Former Detroit Lions team MVP Bruce Maher dies
Former Detroit Lion Bruce Maher will be remembered as a talented, humble and friendly person on and off the field.
Mr. Maher died at his home in Wauwatosa, Wisconsin, at the age of 80 on Friday, July 6, 2018, after battling cancer for nearly 20 years.
"He was a guy who was very passionate about his family and very passionate about athletics and sports but also enjoyed life and he got a lot out of his lifetime," said John Maher, his son.
Mr. Maher was drafted by the Lions in the 15th round of the 1959 NFL Draft. During his 10-year professional career, he played for the Lions from 1960-67, then played two seasons for the New York Giants from 1968-69. He was named MVP for the Lions in 1965 and the Giants in 1968, according to his family.
Mr. Maher played with Dick LeBeau, an NFL Hall of Fame player and later coach, throughout his time with the Lions.
"He was as good a teammate as you could ever hope to have," LeBeau said. "He was a great guy."
After his rookie season with the Lions, he played a season of minor league baseball for the Detroit Tigers Class B affiliate in Durham, North Carolina, before fully committing to professional football, according to his granddaughter, Kit Maher.
Mr. Maher played 136 games, collected 22 interceptions, recovered four fumbles and caused three safeties during his 10 seasons in the NFL, according to the Pro Football Archives.
He was a defensive back, playing the strong safety position. His signature move was tackling low.
"He wasn’t a very big person, and he would come up and make some fantastic tackles," said Joe Schmidt, a former player and coach for the Lions. "He was very good at that and a very good defensive back. A lot of the guys enjoyed being around him so he contributed quite a bit to the Lions."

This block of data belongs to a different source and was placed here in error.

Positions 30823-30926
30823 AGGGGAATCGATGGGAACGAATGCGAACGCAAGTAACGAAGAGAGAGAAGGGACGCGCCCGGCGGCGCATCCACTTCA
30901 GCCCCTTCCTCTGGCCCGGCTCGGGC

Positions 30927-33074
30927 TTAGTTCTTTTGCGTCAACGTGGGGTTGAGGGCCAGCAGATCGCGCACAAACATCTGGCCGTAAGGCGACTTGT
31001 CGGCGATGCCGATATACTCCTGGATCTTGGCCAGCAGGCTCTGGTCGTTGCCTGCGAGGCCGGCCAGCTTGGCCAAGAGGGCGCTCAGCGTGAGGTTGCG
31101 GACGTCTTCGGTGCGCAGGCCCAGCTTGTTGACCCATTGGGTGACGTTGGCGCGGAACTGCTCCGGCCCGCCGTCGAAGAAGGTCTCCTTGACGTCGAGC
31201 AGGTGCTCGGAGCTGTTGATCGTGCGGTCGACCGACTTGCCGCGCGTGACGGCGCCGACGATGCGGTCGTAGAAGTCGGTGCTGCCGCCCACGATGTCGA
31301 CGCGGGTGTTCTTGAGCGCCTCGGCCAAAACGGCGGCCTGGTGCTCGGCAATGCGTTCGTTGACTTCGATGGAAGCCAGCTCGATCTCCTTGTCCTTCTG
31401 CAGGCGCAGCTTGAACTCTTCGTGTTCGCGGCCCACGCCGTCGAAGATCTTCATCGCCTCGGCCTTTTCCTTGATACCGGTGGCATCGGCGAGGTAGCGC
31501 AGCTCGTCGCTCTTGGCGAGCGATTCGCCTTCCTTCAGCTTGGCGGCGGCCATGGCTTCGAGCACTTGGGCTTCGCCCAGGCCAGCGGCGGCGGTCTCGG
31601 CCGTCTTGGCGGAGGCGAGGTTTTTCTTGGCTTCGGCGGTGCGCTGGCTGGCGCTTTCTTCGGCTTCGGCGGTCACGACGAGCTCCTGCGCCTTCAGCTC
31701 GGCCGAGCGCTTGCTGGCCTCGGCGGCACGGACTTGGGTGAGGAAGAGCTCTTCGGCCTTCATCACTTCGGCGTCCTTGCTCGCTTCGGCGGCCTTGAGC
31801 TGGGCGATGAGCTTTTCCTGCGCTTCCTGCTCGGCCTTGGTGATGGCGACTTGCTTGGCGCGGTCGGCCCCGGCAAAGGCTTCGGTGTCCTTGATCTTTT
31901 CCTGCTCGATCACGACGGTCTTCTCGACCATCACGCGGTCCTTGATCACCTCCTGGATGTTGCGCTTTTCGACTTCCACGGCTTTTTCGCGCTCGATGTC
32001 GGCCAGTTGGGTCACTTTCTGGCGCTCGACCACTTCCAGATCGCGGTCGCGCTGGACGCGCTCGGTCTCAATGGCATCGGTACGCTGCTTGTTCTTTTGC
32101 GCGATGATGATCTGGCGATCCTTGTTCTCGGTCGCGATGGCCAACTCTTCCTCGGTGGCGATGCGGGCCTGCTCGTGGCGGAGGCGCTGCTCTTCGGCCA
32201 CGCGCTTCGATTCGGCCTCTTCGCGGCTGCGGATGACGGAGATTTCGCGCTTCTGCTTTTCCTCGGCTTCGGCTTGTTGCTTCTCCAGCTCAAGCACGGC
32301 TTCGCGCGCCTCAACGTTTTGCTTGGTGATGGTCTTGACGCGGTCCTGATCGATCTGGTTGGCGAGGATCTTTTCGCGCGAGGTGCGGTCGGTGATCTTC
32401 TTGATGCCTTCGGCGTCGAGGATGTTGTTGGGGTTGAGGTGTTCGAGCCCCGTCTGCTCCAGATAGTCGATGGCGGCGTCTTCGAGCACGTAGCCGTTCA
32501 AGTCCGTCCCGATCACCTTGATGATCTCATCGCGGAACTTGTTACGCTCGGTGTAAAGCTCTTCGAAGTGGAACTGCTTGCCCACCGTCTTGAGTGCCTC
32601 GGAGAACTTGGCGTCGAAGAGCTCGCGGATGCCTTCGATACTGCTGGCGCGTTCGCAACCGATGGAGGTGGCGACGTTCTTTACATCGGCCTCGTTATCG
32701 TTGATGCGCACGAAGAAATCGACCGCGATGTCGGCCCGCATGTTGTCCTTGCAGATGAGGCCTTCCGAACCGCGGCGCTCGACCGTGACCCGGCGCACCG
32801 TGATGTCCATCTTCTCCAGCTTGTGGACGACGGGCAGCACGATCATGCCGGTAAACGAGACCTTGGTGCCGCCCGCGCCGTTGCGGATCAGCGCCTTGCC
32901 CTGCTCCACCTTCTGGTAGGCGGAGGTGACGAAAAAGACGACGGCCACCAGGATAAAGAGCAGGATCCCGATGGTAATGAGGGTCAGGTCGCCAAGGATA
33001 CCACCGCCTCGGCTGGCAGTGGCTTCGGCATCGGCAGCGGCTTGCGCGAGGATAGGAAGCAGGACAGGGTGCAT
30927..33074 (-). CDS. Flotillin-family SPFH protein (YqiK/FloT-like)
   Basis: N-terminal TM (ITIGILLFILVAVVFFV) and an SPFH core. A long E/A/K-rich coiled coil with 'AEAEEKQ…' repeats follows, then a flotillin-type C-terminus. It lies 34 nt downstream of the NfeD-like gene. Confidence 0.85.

John Maher recalled his father's love of sports even in his later years.
"We played in these three-on-three basketball tournaments," he said. "Up until he was 70 years old, he played with us. So we won a couple of these tournaments and that was his enjoyment. He had a love for basketball and playing with his sons."
Born on July 25, 1937, he was one of three siblings John and Jean Maher raised on Detroit's west side.
Mr. Maher's love of football began as a child while playing with friends, according to his family.
He attended the University of Detroit Jesuit High School and Academy, where he was a star in two sports: baseball and football. He was inducted into the school's Hall of Fame in 2015.
Mr. Maher attended the University of Detroit Mercy, where he majored in philosophy and graduated in 1960. He was inducted into the university's Hall of Fame in 1979.
After his time in the NFL, he moved to Milwaukee and worked for eight years with National Telecom, a telecommunication company working in security, electrical, telephone and local area network solutions, before leaving to create his own telecommunications consulting company, LITS, which specialized in providing communication systems for hotels. He never retired and worked there for almost 25 years, according to family.
His granddaughter, Kit Maher, said he had always been the rock of the family.
"At family parties, I was always the one who would go up and talk to him because he had such great advice," Kit Maher said. "I’ll remember him by his resilience, his toughness, his strength."
She also remembers her grandfather in the center of his living room, playing guitar and singing the blues.
"As well as being an athlete, he was a musical talent, too," Kit Maher said. "My family gatherings, they always ended in a dance party or music somehow."
According to his family, Mr. Maher's personal mantra was always "Keep the faith."
"He accomplished many, many things, and his legacy is the family that is carrying on his mantra going forward," John said.
In addition to his son and grand-daughter, Mr. Maher is survived by his wife, Gerda Marie Maher; children Shelia, Sharon Lee, Luke, Matthew and Jesalyn; and 12 other grandchildren.
A memorial service will be held at 3 p.m. Aug. 3 at Gesu Catholic Church in Milwaukee.